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Increasing Incarceration for Drug Use Doesn’t Help to Combat the Opioid Crisis, Says Pew Report

Taylor Walker
Written by Taylor Walker

Incarcerating individuals for drug-related offenses does not lead to reduced drug use or fewer overdoses, according to a newly released report from Pew Charitable Trusts, which the non-profit sent last summer to President Donald Trump’s Commission on Combating Drug Addiction and the Opioid Crisis.

The report, which looked at federal and state law enforcement, corrections, and health agency data from 2014 looking for patterns that may inform efforts to combat the nation’s opioid crisis, found that there was no “statistically significant relationship” between states’ incarceration rates for drug crimes and three specific factors that can reveal a state’s got drug problems: drug arrests, drug overdose deaths, and self-reported drug use (excluding marijuana).

There are approximately 300,000 people in state and federal lockups for drug crimes. In 1980, there were only 25,000 people serving state or federal prison sentences for drugs. Since that time, the average length of drug-related prison stays has increased significantly, thanks in large part to the laws and policies put in place during the “tough-on-crime” era, which was partly a reaction to the rise of crack cocaine, and focused on harsh punishment as a deterrent.

Yet, between 1990 and 2014, self-reported drug use—and the availability of heroin, cocaine, and meth—increased nationally. In 2015, more than 33,000 people fatally overdosed on opioids, according to the Centers for Disease Control and Prevention. And heroin overdoses increased 20 percent from 2014 to 2015.

But states have had significantly varied law and policy responses to the opioid crisis, and thus, have different rates of drug imprisonment.

Louisiana, for example, had the highest rate of imprisonment for drug offenses of any state in 2014, at 226.4 per 100,000 residents–a rate that was more than twice as high as 37 other states. (The only states that had larger drug offender populations were California, Florida, Illinois, and Texas, which have much larger populations overall.) Oklahoma took second place with 213.7 drug incarcerations per 100,000 residents. In comparison, Massachusetts, which had the lowest rate of drug imprisonment, locked up 30.2 people out of every 100,000.

If the tough-on-crime focus on deterrence had been successful, then states that sent more people to prison for drug crimes would—all other things equal—also have lower rates of drug use, the Pew report says.

This is not the case, however, according to the report. While Tennessee had a much higher rate of drug imprisonment than New Jersey in 2014, the two states had similar rates of drug use.

California, which ranked second after Colorado for the highest rate of adult illicit drug use in 2014 and had the eighth highest drug arrest rate, had the fourth lowest rate of drug imprisonment of all the states. (Note: since the November 2014 passage of Proposition 47—which reduced six drug and property felonies to misdemeanors—California’s numbers have likely changed quite a bit.)

While Louisiana and Oklahoma ranked first and second for the highest rate of drug imprisonment, they ranked thirteenth and tenth respectively for adult illicit drug use. Wyoming, the state with the third-highest rate of drug-related incarceration, had the lowest rate of illicit drug use among residents, according to the state and federal data analyzed in the report.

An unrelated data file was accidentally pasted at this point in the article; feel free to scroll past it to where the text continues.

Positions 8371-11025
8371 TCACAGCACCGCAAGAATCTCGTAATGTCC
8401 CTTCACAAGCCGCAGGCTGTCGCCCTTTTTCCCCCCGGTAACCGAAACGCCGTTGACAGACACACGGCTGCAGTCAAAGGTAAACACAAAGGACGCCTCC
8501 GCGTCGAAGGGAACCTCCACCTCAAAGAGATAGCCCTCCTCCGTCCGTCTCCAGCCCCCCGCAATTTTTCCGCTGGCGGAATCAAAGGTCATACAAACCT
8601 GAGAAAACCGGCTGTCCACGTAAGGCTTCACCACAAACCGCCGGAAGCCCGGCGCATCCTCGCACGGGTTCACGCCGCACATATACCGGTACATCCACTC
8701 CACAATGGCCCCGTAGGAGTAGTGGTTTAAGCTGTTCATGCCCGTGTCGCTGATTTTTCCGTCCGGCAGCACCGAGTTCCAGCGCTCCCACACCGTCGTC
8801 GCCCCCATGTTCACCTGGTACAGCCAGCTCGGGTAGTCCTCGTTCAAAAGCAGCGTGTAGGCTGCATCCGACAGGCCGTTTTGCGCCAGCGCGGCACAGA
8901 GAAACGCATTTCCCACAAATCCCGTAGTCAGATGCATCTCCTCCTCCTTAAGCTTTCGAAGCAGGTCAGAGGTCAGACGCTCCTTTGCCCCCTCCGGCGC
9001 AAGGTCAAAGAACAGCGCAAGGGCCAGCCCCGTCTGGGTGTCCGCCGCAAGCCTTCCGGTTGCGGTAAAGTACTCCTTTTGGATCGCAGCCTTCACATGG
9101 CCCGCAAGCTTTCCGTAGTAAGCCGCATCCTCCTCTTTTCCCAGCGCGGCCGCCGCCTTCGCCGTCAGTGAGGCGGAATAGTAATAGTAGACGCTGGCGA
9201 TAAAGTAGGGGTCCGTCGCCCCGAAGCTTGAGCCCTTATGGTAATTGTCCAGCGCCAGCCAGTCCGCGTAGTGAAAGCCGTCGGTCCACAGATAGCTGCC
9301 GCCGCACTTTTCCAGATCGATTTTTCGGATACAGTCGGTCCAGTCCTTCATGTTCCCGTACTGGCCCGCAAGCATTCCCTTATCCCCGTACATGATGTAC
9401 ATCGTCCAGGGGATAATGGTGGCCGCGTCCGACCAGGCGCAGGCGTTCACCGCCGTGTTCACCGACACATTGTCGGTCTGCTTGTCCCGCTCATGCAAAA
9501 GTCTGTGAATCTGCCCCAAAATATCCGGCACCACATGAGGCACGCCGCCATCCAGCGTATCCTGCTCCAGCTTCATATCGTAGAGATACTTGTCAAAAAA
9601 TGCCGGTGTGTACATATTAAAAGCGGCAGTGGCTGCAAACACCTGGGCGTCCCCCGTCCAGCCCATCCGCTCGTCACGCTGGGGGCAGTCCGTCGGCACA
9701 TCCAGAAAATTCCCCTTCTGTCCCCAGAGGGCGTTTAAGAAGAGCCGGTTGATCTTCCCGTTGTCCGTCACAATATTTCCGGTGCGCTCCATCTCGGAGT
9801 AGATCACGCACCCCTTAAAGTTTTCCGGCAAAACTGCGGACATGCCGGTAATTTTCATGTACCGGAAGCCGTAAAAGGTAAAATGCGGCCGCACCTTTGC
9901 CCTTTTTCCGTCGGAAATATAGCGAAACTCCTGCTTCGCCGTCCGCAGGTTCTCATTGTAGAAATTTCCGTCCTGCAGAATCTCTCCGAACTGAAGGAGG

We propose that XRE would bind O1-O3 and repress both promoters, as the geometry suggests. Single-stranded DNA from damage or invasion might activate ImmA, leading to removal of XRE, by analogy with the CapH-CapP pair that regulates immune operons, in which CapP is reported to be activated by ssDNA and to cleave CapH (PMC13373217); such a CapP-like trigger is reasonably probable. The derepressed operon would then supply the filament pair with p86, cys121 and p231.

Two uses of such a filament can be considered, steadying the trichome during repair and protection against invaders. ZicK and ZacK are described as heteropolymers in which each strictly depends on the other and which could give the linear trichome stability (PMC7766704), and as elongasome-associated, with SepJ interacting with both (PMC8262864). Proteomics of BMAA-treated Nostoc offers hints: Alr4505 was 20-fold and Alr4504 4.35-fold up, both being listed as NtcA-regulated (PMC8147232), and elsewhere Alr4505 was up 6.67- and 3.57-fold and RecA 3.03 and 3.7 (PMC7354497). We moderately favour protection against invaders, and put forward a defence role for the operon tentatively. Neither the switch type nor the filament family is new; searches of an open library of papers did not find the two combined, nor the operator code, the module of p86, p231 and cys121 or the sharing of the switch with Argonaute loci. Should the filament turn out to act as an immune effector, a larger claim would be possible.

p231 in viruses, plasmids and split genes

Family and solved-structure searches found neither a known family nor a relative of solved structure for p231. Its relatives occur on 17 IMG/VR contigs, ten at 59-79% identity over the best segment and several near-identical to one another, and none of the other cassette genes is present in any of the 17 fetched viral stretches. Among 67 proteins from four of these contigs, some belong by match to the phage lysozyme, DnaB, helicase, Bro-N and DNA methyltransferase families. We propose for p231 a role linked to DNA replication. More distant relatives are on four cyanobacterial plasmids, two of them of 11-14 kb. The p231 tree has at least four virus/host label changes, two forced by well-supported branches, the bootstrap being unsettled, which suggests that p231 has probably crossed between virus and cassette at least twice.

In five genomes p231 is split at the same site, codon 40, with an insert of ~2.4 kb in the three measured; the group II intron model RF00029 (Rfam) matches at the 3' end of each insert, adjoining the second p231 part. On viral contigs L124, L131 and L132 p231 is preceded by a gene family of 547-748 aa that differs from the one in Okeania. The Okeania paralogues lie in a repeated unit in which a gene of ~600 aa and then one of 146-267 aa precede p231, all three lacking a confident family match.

And Pew’s results hold up, even when the nonprofit controlled for variables like the percentage of college-educated residents, states’ unemployment rates, median household income, and the percentage of the population that was nonwhite.

“The evidence strongly suggests that policymakers should pursue alternative strategies that research shows work better and cost less,” researchers wrote.

Pew also conducted polls in four states—Louisiana, Oklahoma, Utah, and Maryland—all of which came back showing widespread, bipartisan support for reducing drug incarceration and using savings to boost funding for alternatives to incarceration.

In Oklahoma, 84 percent of those polled said they supported shorter sentences for nonviolent offenses and larger investment in substance abuse and mental health services, as well as probation and parole.

Sixty-three percent of Louisiana’s respondents (including 54 percent of Republicans, 66 percent of independents, and 69 percent of Democrats) approved reducing sentences for low-level drug offenses while maintaining long sentences for more serious drug dealers.

“Although no amount of policy analysis can resolve disagreements about how much punishment drug offenses deserve, research does make clear that some strategies for reducing drug use and crime are more effective than others and that imprisonment ranks near the bottom of that list,” the Pew report concludes. “Putting more drug-law violators behind bars for longer periods of time has generated enormous costs for taxpayers, but it has not yielded a convincing public safety return on those investments. Instead, more imprisonment for drug offenders has meant limited funds are siphoned away from programs, practices, and policies that have been proved to reduce drug use and crime.”


  • No shit Sherlock…ohh that‚Äôs right this is a conservative site that quietly endorses the LA sheriff department

  • ‚ÄúNo shit Sherlock‚ÄĚ an out of date saying most likely uttered by a middle aged white guy trying to be funny. Cf-2 uses it all the time, looks like he‚Äôs trying a new persona.

    • In “plain speak” you’re basically stating that an “Old White Man” is caught in a time warp attempting some humor. LMAO!
      I’m visualizing the character “Biff” in “Back to the Future” I love it when new commenters/characters come up with gobbledygook on this site.

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